Following these steps will lessen the dreaded rewrites when creating your next short story or novel.
1. Write a synopsis
Writing no more than a two-page synopsis will give you a summation of your story and keep you on track. Pretend you’re telling a friend about your book from beginning to end. What are the most important elements you would include?
2. Develop an outline
This goes along with the above-mentioned tip. Write down the main scenes in advance so you have a basic overview of where you’re headed. Freewheeling the storyline as you go, will probably involve many time consuming re-writes. This also includes deciding on an ending before you begin.
3. The antagonist needs love too
Authors usually spend the most amount of time on the protagonists; yet only pay attention to the antagonist until it’s time for him to do his villainy. Letting the reader see that the “bad guy” has a positive trait (even if it’s remembering his mother’s birthday or being kind to the dog), will make him a more believable character.
4. Keep main characters to a minimum
The story should revolve around a couple of main characters. Choose one or two friends for each main character, and a small fringe group who get a scant amount of attention. Trying to develop too many characters cheats the reader out of getting really involved with the main ones and slows down the story.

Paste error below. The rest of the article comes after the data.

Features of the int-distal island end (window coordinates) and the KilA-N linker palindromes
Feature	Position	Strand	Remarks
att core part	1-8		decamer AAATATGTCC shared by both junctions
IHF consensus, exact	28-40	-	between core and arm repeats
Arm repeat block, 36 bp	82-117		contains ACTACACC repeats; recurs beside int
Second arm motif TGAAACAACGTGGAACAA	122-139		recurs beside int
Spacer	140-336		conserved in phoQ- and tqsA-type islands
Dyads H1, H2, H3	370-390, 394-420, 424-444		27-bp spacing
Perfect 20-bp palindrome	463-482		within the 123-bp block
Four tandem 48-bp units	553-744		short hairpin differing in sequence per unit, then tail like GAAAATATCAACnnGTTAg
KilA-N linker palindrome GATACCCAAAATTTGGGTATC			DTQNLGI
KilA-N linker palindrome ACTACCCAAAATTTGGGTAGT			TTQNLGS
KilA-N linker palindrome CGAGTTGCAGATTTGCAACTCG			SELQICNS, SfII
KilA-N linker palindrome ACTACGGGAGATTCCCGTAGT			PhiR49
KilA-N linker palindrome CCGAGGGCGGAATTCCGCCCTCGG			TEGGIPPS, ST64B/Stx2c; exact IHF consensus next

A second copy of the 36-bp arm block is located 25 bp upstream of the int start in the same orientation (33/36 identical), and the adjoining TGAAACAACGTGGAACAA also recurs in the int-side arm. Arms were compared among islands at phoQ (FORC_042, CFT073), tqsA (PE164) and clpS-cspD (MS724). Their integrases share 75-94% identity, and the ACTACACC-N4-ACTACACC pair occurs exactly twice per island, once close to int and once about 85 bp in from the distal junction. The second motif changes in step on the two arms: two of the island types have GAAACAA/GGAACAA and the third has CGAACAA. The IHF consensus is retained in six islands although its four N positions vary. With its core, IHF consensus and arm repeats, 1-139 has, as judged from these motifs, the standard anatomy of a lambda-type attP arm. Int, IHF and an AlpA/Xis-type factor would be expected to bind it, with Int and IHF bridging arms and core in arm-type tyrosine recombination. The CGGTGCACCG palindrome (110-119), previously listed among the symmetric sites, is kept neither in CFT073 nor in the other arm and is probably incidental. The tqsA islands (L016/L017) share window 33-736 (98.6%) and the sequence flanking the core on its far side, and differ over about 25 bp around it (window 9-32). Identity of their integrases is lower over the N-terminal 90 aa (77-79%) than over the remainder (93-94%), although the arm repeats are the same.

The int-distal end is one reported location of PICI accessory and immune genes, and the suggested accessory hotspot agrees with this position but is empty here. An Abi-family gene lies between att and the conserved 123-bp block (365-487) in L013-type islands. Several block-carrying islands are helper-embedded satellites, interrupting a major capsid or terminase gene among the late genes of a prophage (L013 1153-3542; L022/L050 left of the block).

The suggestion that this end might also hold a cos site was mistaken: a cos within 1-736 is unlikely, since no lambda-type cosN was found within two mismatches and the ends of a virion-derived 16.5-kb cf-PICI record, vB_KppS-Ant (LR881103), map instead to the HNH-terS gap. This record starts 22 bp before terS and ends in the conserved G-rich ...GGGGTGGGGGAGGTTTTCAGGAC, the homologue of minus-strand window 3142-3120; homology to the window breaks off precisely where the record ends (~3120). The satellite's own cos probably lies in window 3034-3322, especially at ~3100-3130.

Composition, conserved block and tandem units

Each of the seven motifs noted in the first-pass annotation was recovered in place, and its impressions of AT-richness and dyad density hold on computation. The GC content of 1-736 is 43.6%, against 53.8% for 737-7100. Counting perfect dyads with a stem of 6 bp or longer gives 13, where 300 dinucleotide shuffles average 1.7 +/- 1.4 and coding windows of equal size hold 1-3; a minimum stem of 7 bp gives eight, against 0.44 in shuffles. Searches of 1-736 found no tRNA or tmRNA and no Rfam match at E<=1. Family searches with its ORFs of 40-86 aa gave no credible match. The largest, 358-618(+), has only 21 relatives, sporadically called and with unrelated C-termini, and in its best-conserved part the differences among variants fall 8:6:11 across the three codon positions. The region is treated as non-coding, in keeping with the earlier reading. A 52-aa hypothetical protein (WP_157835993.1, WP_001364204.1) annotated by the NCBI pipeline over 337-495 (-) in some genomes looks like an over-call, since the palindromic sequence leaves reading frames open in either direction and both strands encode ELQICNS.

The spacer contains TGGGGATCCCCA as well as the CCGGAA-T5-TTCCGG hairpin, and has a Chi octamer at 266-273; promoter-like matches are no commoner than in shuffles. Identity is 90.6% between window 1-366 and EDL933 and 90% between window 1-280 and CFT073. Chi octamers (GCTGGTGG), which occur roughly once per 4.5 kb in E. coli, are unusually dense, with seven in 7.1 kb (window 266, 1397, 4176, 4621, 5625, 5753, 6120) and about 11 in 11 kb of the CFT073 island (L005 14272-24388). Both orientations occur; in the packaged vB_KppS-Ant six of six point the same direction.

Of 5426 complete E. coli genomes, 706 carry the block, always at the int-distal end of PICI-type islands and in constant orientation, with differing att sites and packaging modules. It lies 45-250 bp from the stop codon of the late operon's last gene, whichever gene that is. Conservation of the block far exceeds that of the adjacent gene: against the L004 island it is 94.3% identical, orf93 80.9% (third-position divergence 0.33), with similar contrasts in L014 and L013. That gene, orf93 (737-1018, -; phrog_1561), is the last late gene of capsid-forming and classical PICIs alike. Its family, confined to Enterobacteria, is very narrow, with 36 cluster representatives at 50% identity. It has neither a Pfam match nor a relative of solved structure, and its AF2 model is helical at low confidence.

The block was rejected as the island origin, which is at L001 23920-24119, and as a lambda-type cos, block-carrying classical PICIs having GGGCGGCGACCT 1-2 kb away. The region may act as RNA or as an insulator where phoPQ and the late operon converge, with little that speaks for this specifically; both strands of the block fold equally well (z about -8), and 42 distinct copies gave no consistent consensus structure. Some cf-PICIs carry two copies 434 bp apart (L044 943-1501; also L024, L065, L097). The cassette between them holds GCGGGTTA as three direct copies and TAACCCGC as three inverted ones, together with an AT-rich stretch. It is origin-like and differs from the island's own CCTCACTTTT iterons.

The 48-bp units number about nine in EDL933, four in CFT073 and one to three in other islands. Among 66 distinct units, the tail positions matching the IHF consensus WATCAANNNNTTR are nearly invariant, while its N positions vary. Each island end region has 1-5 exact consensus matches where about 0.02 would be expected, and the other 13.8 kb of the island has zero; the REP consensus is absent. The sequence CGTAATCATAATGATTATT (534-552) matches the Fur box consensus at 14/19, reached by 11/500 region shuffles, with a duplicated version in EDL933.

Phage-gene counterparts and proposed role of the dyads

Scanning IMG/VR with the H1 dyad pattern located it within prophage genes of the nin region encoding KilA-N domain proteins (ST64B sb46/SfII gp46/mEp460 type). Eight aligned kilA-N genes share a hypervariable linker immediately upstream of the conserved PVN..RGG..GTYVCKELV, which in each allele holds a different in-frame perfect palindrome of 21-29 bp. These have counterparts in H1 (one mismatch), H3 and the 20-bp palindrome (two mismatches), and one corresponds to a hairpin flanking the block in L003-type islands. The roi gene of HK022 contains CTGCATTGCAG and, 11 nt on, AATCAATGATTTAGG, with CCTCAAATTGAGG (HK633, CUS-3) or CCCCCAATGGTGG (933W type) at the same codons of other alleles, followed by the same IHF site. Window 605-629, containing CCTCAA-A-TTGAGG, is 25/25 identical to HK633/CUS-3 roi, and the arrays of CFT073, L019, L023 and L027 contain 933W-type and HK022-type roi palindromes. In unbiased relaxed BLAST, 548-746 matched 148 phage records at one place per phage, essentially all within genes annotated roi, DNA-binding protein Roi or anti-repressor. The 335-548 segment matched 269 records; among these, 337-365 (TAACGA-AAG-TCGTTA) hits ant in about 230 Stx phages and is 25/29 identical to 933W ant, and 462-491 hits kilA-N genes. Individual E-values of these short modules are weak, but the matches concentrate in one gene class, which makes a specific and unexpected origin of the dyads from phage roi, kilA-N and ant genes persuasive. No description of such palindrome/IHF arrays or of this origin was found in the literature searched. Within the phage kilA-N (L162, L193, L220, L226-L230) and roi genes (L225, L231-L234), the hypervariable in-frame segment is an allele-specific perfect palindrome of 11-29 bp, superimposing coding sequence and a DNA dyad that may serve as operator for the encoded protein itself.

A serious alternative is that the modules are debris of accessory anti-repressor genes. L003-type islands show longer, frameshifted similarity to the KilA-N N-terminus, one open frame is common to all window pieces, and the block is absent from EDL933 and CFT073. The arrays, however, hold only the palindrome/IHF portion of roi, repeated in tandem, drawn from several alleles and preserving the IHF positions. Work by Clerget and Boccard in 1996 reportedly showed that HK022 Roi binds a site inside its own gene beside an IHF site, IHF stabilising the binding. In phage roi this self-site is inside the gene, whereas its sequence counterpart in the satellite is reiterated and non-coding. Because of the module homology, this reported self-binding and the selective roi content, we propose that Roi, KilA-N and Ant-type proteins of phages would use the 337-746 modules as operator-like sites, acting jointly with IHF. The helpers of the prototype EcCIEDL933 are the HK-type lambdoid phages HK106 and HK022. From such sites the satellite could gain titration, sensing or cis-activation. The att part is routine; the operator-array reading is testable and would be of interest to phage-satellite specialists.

5. Introduce conflict
As in real life, your story needs conflict to keep it moving. Introduce this fairly early so that your characters can work toward resolving it by the end. Your main characters should each have an inner conflict in addition to the outward drama happening around them.
6. Lighten up on settings
As with paring down your characters, keep the settings in your story to a minimum. Choose only a couple locales and introduce them into the story before the mid-way point. That way you are able to fully develop each setting and make your reader feel familiar with being there.
7. Keep true to your genre
Decide at the beginning what genre you want your story to be. If it’s a clean romance, don’t throw in swearing or gratuitous sex. The bait and switch technique will not cause a reader to become a fan of your work.
8. End on Time
When the protagonist’s real goals are met, don’t prolong the ending. You don’t need a long narrative to re-explain the plot.